This can be hard, especially when the personal shadow protects itself against the Demon's wrath by toadying for it (seemingly "betraying" the heroic ego).  We so desperately want to be shadowless, but there is no growth in this fantasy.  To be shadowless is to be "perfect", and "perfection" is static . . . and that which is static in the psyche is Demonic.  What is Demonic is in conflict with the dynamic ordering principle of the Self.  Which brings us to the next important, defining relationship of the Demon.


The Demon and the Self

The Self as Tribe

The Demon and the Self are the two opposing powerhouses in the personality.  Lest I make it seem like I am just as guilty of the dualism I criticize Jung for, I wish to clarify this claim.  Although, archetypally or based on common representations of Demon and Self, we can clearly say that a great conflict in the psyche exists . . . when we delve more scientifically or rationally into the figures of Self and Demon, we must ask what these figures are actually representing.  It makes no sense that God and the Devil are battling for control over everyone's individual soul.  That's a poetic metaphor.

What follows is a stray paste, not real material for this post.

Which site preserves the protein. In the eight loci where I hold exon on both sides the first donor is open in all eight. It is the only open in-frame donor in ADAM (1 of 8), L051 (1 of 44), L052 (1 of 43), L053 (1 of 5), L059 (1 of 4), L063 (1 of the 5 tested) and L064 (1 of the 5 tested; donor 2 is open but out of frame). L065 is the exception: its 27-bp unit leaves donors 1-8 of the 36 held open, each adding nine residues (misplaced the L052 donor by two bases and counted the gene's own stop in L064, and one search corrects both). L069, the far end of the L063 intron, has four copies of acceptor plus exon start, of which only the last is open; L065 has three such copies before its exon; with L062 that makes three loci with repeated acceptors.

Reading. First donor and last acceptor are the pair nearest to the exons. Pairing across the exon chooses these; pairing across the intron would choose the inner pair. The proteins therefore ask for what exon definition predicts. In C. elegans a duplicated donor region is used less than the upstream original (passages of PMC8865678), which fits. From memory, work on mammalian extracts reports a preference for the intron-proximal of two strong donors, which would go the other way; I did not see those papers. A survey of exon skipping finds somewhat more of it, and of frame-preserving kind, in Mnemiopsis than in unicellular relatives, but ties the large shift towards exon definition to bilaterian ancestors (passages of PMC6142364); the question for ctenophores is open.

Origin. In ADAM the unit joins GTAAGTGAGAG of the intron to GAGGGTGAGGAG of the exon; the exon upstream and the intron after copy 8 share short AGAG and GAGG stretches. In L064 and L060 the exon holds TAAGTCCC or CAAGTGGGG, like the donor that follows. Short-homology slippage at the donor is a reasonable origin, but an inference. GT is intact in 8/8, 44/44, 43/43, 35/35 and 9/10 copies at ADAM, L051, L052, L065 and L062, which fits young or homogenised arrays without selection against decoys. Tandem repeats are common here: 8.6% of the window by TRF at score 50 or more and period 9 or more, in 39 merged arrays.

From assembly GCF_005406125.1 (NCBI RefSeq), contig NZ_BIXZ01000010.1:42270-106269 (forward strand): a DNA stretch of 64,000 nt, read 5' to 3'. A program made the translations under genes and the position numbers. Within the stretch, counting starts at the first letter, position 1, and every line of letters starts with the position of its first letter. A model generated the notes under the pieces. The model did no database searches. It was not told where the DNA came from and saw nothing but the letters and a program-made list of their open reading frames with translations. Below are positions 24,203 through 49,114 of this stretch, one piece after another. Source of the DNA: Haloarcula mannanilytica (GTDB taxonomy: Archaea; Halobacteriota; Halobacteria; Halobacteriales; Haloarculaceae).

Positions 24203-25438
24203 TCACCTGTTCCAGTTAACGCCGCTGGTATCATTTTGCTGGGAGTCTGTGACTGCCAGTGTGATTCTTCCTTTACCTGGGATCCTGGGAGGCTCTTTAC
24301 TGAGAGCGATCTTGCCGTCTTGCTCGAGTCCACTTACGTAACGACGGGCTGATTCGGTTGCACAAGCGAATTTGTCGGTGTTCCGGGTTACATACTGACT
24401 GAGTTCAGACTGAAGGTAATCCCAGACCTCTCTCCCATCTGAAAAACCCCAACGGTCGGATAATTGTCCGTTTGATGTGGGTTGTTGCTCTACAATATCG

There are two great powers in the psyche, though, that we can say with rational and logical justification are often in conflict: socialization and individuation.  Socialization is the force exerted on the individual (and the individual's personality) from without, from others, from the tribe, the society, the civilization, the family, the peer group the individual lives within and is related to.  It doesn't seek to make one an individual, but to (at best) make one socially useful.  In a tribal society that we might assume reflects the environment of evolutionary adaptedness for our species, socialization of individuals would be done in a way that makes the tribe most survivable . . . and we might expect that the various ceremonies and rituals and taboos that arise around the tribal identity have clearly survivable significances.  Without trying to construct a neo-primitive fantasy of utopia, we could say that the instinct for individuation (or individualism or self-interest) is brought into close accord with the instinct for tribal survivability and group Eros.  The cultural expressions of the tribe will help orient the individuals toward the valuation of the group Eros.  In other words, the cultural artifacts that govern the passage into adulthood would be "designed" to associate the Self with the tribe for every member.  If we all have a shared vision of the Self (God), we all facilitate the Self in the same goal (generally, survival and all it entails).